The first Lymington Seafood Festival looked set to be a victim of our very English summer. Grey skies and downpours in the week ahead had the Blue Marine Foundation (BLUE) team stocking up on wellies and raincoats. But as the day dawned it became clear that the organisers and attendees were in luck, the sun shone brilliantly and crowds flocked to Bath Road for what promised to be a unique and brilliant event. BLUE was on site at the festival as official charity partner, raising awareness and funds for the Solent Oyster Restoration Project. Lymington, with its rich maritime history and strong connection to the Solent oyster fishery, was the ideal venue to talk about the importance of native oysters.
The Solent Oyster Restoration Project is restoring the native oyster back to the waters of the Solent with the goal of improving water quality, providing habitat and increasing ecosystem health. Native oysters are also a huge part of the heritage of the Solent, which was once the largest oyster fishery in Europe, helping to support as many as 700 fishermen as recently as 1970. BLUE has already managed to restore 10,000 native oysters within the first year of the project and intends to seed a further one million this year.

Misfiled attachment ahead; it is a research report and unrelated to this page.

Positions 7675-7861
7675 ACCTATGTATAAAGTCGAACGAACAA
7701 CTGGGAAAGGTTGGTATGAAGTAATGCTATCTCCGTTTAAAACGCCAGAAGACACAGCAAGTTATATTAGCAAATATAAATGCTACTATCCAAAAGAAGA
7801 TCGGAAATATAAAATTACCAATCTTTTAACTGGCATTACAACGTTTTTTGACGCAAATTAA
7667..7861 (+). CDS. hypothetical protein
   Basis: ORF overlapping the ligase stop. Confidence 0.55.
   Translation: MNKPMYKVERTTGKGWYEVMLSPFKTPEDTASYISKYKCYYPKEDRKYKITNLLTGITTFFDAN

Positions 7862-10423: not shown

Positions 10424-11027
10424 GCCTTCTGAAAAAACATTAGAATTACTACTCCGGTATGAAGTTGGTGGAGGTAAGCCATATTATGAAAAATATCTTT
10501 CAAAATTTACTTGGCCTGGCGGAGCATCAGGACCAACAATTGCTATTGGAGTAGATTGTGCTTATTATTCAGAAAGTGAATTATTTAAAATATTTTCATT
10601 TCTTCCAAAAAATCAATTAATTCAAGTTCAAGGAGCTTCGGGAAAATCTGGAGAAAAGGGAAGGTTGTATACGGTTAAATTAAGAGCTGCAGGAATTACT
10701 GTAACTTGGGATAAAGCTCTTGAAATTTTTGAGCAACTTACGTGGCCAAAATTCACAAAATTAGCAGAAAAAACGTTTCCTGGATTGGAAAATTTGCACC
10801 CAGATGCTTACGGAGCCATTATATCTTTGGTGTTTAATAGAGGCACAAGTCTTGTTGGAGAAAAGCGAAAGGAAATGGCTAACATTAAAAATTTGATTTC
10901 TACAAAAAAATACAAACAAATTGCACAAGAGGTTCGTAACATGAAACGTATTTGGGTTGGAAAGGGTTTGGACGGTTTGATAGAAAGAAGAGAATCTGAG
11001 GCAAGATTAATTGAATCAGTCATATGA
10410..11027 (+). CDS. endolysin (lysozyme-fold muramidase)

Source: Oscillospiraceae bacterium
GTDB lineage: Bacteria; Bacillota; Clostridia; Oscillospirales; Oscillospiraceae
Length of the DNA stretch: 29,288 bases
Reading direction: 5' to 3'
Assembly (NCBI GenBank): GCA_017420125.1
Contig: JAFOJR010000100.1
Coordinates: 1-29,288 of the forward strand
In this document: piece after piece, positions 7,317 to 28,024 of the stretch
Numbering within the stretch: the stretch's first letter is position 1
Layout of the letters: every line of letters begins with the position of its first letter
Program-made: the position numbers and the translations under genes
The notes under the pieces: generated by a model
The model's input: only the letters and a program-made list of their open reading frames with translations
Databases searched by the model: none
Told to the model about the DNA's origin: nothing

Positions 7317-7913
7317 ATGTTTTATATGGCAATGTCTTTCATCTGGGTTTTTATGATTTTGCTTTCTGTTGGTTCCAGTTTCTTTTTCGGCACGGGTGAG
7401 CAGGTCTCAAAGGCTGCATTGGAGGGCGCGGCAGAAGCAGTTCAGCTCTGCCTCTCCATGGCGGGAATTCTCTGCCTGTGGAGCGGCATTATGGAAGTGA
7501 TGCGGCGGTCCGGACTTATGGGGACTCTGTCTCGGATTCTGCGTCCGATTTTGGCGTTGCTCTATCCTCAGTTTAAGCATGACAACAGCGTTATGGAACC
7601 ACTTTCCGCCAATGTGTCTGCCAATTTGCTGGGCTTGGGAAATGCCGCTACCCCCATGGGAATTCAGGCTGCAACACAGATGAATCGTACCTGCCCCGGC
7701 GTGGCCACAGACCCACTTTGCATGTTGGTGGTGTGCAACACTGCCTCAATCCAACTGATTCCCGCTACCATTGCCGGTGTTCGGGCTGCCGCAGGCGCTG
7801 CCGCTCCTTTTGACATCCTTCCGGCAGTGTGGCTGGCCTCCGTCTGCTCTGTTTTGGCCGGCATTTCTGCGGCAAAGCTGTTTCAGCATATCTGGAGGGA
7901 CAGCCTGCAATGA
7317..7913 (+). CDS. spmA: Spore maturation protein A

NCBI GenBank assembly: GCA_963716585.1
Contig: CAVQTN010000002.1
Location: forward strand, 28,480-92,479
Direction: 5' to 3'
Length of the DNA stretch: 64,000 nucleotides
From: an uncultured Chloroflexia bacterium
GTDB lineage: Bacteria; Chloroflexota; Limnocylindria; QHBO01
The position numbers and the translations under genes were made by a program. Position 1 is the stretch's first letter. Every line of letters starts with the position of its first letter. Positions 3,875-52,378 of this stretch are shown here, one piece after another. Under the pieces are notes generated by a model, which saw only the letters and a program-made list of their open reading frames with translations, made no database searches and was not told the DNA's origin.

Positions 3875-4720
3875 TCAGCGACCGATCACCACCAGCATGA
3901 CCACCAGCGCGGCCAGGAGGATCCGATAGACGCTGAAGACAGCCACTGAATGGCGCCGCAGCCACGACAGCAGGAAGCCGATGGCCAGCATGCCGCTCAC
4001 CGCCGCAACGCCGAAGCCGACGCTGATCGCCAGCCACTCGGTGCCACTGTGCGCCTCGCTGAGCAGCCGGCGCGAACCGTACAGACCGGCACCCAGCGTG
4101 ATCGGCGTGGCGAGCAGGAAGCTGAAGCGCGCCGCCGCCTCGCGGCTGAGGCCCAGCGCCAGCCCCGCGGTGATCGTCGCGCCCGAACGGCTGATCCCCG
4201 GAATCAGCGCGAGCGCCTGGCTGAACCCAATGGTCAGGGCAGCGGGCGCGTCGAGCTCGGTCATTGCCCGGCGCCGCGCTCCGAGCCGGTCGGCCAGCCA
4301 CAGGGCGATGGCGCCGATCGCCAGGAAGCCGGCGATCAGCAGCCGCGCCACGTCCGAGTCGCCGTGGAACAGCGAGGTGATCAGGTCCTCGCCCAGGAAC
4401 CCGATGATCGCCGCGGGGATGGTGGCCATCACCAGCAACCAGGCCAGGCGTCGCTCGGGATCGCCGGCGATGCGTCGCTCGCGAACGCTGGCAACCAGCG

A number of BLUE team members were in attendance to raise funds and talk more about the value of the project to the local area. They were joined on the stand by a project partner (The Dorset, Hampshire and Isle of Wight Natural England team) who exhibited a tank of jellyfish, sea squirts and oysters. Throughout the day tickets were being sold for a raffle to support the Solent Oyster Restoration Project, with prizes including a spa day and cooking school for two. Forest Cake Crafts also kindly donated delicious biscuits to anyone buying a full book of raffle tickets! Hampshire Art for Recreation and Therapy (hArt) were also fundraising with a raffle and kindly offered to give half of the money they raised to the Solent Project.
Another project partner, the Southern IFCA, joined BLUE at the stand on Sunday to talk about their work and involvement in the project. As the sun beat down, people came in their droves to take in the festival’s atmosphere. BLUE’s UK Projects officer, Morven Robertson, joined Alex Aitken and Katy Davidson – aka ‘The Oyster Lady’ – onstage at the demo kitchen. They talked oyster restoration, their love of the humble bivalve and cooked up a storm in front of a packed crowd. Katy fell in love with oysters at the age of 12 and has unofficially campaigned for oyster culture for the last decade.
As the festival drew to a close it was clear to all who attended that the event had been a huge success. Support from visitors of the festival meant that BLUE managed to raise a fantastic £3,000 for the Solent Oyster Restoration Project. Perhaps even more importantly, thousands more people learned more about the chance to restore the native oyster in the Solent. From all the team at BLUE, we would like to say a huge thank you to the organisers of the Lymington Seafood Festival, not only for helping us raise valuable funds for the Solent, but also for generating great publicity for the project. See you next year!